Many riders are now common in the life insurance industry. Others are poised for greater use, depending on market conditions. We’ll review both types here and see how riders that achieve the greatest popularity tend to expand benefits with each iteration.
Some life insurance riders that have become common include: level term riders; accidental death benefit riders; waiver of premium riders; and guaranteed insurability riders. In recent years, the accelerated death benefit rider and the return of premium rider have become very popular, too. The latter two illustrate how riders keep expanding to meet more customer needs.
Accelerated death benefit rider: The accelerated death benefit rider has evolved over the years and is now offered on most life insurance contracts. The rider benefit started as a lien on the death benefit for insureds who were terminally ill. Usually, the insurance company required a physician statement that verified the insured’s life expectancy was less than 12 months.
Later, this rider expanded to include paying benefits when the insured is diagnosed with specific dread diseases, such as cancer or multiple sclerosis. Some developers expanded the rider even further, to include a benefit payment if the insured enters a long term care facility.
This rider’s benefit payment structure expanded, as well. Initially, the benefits only included a portion of the life policy’s death benefit–for example, the original riders commonly paid out 2% of the death benefit per month for a maximum of 36 months. But, over time, carriers started increasing the maximum benefits, so the payout would go up to 100% of the death benefit–and beyond.
Today, some insurers are offering riders in addition to the accelerated death benefit riders that restore the initial death benefit or extend the LTC benefits to twice the original maximum benefit period. A more recent movement has been to include accelerated benefit riders on all types of insurance products. (Initially, most such riders were added to term or universal life policies, but now they also are added to whole life policies.)
Return of premium rider: While this rider has been around a long time on mortgage life insurance products, the return of premium rider recently has hit the mainstream term marketplace where it is very popular. Most carriers find that they are exceeding their sales goals on the rider. In fact, one company sells the return of premium rider on 25% of its term sales.
This popularity comes from the benefit to the insured of receiving the entire premium back at the end of the level term period. Still, insurers do have some uncertainties concerning this rider, because the products have pricing risks that are dramatically different than those for a base term plan. As insurers’ investment earnings on the general account continue to decrease and as a better understanding of the ultimate lapse rate becomes known, carriers are finding it increasingly difficult to maintain competitive pricing on these riders.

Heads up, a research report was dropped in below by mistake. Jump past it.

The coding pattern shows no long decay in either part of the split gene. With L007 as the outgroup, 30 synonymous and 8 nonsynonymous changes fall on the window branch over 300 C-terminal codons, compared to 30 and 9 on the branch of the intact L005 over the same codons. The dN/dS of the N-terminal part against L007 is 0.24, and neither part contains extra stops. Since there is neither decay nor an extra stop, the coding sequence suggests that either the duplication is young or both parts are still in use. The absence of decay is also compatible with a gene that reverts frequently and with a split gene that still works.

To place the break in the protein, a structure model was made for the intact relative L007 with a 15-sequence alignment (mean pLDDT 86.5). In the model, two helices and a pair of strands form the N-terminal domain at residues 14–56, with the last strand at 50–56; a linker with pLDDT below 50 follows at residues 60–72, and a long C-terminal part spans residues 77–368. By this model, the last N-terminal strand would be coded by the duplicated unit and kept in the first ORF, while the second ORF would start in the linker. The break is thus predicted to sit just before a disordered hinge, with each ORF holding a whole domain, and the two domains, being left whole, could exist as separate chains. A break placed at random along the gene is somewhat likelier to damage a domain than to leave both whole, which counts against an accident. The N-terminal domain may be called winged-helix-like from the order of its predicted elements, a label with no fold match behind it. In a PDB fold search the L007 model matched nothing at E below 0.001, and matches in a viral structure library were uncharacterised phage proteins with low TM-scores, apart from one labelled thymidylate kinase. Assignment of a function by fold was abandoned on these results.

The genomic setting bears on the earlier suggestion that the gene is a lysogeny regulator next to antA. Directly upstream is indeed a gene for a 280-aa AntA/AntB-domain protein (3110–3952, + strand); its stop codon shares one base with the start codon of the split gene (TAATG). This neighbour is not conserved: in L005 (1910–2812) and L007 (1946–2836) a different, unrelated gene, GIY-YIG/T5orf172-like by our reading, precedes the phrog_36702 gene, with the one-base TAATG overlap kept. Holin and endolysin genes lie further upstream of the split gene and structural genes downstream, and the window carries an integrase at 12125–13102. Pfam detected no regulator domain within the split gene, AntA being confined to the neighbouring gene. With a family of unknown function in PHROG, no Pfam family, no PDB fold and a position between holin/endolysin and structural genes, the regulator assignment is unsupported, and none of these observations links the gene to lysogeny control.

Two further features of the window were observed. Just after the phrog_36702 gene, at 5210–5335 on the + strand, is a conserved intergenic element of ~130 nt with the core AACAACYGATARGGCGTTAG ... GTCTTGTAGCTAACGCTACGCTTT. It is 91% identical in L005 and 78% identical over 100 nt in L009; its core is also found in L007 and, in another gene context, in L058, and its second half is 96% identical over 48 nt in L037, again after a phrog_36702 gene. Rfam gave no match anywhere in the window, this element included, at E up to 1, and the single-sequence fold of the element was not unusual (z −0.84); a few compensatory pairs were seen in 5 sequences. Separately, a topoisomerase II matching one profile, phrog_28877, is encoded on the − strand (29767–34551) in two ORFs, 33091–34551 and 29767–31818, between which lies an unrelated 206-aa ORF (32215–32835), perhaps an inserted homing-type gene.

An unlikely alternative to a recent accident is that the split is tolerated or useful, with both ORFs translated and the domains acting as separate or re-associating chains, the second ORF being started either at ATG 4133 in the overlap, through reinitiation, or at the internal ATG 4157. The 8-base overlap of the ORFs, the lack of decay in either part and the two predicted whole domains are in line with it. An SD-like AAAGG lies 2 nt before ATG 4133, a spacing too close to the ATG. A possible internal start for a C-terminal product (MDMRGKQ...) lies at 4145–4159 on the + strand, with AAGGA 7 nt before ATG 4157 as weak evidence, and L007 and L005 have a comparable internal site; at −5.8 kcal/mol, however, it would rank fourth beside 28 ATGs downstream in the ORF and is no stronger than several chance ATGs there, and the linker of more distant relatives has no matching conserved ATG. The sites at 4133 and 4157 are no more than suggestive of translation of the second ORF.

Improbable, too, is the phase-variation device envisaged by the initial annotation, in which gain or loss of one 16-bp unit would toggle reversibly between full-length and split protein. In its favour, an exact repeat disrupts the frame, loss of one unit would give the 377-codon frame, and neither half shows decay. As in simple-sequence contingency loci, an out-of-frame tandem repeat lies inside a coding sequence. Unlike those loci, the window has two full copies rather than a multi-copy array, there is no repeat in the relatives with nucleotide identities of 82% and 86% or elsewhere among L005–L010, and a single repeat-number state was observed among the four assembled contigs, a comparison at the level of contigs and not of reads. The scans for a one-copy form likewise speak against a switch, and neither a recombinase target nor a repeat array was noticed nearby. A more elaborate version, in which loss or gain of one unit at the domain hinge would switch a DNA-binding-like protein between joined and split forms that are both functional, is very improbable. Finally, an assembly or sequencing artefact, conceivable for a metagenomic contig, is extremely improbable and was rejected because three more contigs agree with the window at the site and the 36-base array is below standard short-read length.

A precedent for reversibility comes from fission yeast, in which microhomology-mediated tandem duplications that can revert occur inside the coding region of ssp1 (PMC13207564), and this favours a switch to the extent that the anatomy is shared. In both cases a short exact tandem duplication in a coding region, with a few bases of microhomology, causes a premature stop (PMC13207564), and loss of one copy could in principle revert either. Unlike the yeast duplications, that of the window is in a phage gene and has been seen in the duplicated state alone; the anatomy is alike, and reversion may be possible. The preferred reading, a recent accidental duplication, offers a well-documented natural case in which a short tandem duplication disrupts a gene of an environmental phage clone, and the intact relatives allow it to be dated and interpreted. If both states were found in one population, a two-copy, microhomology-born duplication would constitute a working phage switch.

What will be the next popular rider? It is difficult to predict because it partly depends on the changing economic environment, shifts in consumer preferences and/or regulatory change. However, a few possibilities include the following:
o An unemployment rider: Similar to the return of premium rider, the unemployment rider has been around a while in the mortgage life insurance market. However, the rider has never hit the mainstream marketplace. The low popularity of the rider is partly due to the difficulty of pricing the product. Considering all of the talk about jobs going overseas and consolidations within industries, the time may be right for the unemployment rider to become as popular as its closely related waiver of premium rider due to disability.
o The family income benefit rider. This, too, has been around for a while but has never really caught on. It guarantees the family will continue receiving a portion of the insured’s monthly income in case of death. The monthly income can be paid for a certain period or until a certain age of the insured. This rider is also difficult to price because, as the mortality rates are increasing, the length of benefit (assuming payment to age 65) will be decreasing. However, it should have appeal to consumers, since the benefit directly matches the financial loss.
o The major surgery rider. This also seems to have added appeal in today’s marketplace, although some regulation may need to change to make it possible. As health costs continue to rise, more consumers are starting to increase their deductibles drastically. This rider would pay a portion of the death benefit at the time of specified surgical procedures. Though currently more popular in countries without an advanced health insurance industry, this type of rider does present advantages in today’s health care environment in the United States.
Keith Dall, FSA, MAAA, CLU, ChFC, is a consulting actuary with Milliman Inc. in the Indianapolis office. His e-mail is firstname.lastname@example.org.
The major surgery rider would pay a portion of the death benefit at the time of specified surgical procedures.